Research in the past years using various mathematic methods of EEG analysis has shown that the most adequate approach to the solution of contemporary problems of clinical electroencephalography is the analysis of intercentral interactions on the basis of EEG coherence calculation (Boldyreva, Sharova, Zhavoronkova, & Dobrokhotova, 1992; Boldyreva, Zhavoronkova, Sharova, & Dobronravova, 2003; Rusinov, Grindel, Boldyreva, & Vakar, 1987; Sharova, Borodkin, Gognitidze, Lukianov, & Muhanov, 1992; Sharova, Manelis, Kulikov, & Barkalaia, 1995; Sharova, Obraztsova, Zaitsev, Kulikov, & Urakov, 2001; Zhavoronkova, 2006).
Analysis of intercentral interactions of brain electrical processes in healthy subjects in a state of relative rest revealed that the average levels of coherence (Rusinov et al., 1987) of symmetrical hemisphere regions independent of EEG type (alpha activity characteristics) and individual asymmetry profiles are characterized by a significant similarity and the presence of an anterior-posterior falling gradient of biopotential association.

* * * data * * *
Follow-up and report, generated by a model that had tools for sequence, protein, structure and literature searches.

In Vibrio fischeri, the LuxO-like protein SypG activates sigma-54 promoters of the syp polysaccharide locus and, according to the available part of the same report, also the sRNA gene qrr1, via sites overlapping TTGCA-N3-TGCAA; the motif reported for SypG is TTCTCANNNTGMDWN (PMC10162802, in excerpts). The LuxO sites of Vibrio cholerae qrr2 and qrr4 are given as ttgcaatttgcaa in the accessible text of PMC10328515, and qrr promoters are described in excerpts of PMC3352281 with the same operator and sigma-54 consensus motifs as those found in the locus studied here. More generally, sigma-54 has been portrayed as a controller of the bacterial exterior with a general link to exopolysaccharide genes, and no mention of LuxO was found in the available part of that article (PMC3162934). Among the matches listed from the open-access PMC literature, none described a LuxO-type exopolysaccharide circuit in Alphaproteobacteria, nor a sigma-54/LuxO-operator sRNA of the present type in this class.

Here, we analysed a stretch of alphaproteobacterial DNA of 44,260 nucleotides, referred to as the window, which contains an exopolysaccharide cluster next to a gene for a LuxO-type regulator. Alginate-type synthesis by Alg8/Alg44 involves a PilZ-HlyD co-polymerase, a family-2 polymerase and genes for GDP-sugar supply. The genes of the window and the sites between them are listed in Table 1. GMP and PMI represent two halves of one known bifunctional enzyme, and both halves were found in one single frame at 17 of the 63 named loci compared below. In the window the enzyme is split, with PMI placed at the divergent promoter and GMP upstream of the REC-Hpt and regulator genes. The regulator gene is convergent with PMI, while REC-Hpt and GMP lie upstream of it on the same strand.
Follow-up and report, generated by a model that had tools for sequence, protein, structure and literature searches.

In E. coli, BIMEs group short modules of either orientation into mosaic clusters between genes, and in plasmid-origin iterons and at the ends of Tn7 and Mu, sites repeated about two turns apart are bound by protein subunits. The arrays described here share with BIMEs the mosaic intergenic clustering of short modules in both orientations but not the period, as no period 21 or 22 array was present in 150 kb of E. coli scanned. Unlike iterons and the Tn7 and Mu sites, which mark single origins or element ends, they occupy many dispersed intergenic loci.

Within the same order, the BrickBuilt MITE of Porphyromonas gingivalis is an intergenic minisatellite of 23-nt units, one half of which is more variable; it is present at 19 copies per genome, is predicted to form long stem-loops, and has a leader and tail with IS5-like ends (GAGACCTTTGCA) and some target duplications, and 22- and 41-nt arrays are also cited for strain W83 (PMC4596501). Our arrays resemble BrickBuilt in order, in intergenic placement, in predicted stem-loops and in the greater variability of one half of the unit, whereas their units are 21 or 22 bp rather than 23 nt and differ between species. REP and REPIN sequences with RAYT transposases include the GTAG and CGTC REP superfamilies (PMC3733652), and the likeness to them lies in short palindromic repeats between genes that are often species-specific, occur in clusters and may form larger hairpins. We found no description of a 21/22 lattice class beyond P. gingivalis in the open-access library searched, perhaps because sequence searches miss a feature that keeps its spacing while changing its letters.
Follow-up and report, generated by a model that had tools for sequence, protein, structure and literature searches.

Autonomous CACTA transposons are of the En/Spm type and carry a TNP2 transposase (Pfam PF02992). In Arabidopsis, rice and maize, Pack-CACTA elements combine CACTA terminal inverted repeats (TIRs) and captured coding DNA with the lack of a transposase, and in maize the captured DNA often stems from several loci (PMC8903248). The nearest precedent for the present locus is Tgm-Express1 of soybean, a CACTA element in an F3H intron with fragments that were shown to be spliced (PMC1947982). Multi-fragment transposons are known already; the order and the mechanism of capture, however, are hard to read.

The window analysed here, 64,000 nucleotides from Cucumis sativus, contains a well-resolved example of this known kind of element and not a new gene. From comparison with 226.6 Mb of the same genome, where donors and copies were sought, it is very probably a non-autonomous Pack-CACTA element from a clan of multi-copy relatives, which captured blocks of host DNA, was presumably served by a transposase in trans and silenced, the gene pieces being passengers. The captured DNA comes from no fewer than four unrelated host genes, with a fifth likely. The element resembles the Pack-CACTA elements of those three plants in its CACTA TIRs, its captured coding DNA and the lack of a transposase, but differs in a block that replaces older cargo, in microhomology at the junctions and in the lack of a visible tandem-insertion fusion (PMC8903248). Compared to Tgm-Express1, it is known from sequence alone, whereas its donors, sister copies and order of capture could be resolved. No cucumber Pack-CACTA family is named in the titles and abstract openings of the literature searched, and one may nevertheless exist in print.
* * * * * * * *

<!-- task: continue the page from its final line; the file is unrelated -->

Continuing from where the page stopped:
An important characteristic of brain electrical activity is the measurement of the stability of EEG intercentral interactions.
The analysis of changes in intercentral interactions in states of decreased vigilance (transition to somnolence) revealed the evening out of hemispheric differences in brain biopotential organization (Boldyreva & Zhavoronkova, 1989; Zhavoronkova, Boldyreva, & Dobrokhotova, 1988; Zhavoronkova & Trofimova, 1997, 1998).
The study of the dynamics of intercentral interactions with afferent stimulation showed that reactive shifts in subjects with various asymmetry profiles were multiform.
It was revealed that the disturbance of intercentral interaction is expressed more diffusely in these cases than in cases of cortical damage.